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Acta Obstet Gynecol Scand. 1999 Feb;78(2):98-104.

Second trimester ultrasound screening performed by midwives; sensitivity for detection of fetal anomalies.

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  • 1Department of Obstetrics and Gynaecology, Uppsala University, Sweden.

Abstract

BACKGROUND:

To assess the sensitivity for detection of fetal anomalies by a second trimester ultrasound screening program performed in a way representative of a majority of Swedish obstetrical departments. The examinations were performed at the ultrasound division of the Department of Obstetrics and Gynecology at the University Hospital of Uppsala, Sweden.

METHOD:

A prospective study covering a two-year period. Eight thousand two hundred and twenty-eight unselected, consecutive pregnant women (8345 fetuses) were examined. The ultrasound scans were performed at a gestational age of 15-22 weeks by specially trained midwives. All fetal anomalies suspected at the ultrasound screening were recorded. Follow-up of all scanned fetuses was done through neonatal reports, records from the pediatric department, a national malformation registry and autopsies. All live-born infants were followed one year after birth. Main outcome measures were sensitivity, specificity, and positive predictive value for detection of fetal anomalies and prevalence of fetal anomalies.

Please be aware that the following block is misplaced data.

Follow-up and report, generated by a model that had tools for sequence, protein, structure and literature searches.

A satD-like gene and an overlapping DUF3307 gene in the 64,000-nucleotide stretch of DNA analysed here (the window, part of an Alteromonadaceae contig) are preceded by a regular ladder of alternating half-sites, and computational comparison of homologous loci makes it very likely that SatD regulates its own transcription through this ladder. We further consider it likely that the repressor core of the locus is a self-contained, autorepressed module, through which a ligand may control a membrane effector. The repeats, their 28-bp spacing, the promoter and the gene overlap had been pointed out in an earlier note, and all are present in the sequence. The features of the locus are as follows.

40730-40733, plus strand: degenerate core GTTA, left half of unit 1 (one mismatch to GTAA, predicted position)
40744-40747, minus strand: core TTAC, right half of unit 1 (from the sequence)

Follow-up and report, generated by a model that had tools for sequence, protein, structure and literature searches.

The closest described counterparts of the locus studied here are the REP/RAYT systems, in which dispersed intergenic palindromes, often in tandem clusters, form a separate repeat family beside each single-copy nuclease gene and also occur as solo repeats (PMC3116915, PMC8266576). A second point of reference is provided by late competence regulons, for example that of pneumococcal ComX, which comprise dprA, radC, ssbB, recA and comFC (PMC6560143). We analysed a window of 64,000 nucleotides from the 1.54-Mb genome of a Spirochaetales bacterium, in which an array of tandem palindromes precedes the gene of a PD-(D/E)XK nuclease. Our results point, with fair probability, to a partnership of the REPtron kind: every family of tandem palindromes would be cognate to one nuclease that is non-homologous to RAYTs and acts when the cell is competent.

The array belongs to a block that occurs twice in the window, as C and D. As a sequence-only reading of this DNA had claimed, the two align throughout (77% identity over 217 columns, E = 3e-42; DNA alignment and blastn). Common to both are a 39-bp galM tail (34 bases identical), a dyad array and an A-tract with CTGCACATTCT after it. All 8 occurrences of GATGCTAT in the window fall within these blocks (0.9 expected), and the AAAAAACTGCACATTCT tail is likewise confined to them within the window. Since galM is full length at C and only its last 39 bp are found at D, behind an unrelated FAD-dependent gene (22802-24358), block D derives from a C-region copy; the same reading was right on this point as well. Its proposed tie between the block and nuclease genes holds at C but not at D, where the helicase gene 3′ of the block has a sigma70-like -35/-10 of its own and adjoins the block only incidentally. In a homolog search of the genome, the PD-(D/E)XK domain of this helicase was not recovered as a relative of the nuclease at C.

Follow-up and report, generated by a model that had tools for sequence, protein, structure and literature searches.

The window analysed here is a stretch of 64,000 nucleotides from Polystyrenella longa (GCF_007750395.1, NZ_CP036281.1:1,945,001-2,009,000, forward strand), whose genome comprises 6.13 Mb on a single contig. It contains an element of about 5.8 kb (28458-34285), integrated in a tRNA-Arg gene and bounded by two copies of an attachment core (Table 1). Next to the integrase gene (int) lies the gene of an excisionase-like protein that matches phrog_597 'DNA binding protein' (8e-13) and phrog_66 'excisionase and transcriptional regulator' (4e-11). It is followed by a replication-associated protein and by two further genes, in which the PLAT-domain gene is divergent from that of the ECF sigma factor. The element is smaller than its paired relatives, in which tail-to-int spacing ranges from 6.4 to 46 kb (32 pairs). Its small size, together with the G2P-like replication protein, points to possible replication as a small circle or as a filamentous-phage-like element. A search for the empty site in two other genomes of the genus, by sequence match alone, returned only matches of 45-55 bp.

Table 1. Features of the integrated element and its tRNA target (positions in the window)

RESULTS:

In all 145 fetuses/infants with confirmed anomalies were identified (prevalence 1.7%). Thirty-two were detected by second trimester ultrasound screening (sensitivity 22.1%). Twenty false positive cases were identified, of which fifteen were ruled out on the same day the suspicion arose and five were transient findings. The specificity was 99.8% and the positive predictive value 61.5%

CONCLUSIONS:

When performing a second trimester ultrasound screening program, prenatal diagnosis of fetal anomalies will be part of the procedure whether this is a primary aim or not. It is therefore of great importance that the pregnant women receive adequate information and that the voluntariness of participation is stressed. In this study the sensitivity was low. Standardizing the scanning procedure (check-list for fetal anatomy) and improving the education of the operators are feasible ways to increase the sensitivity.

PMID:
10023870
[PubMed - indexed for MEDLINE]
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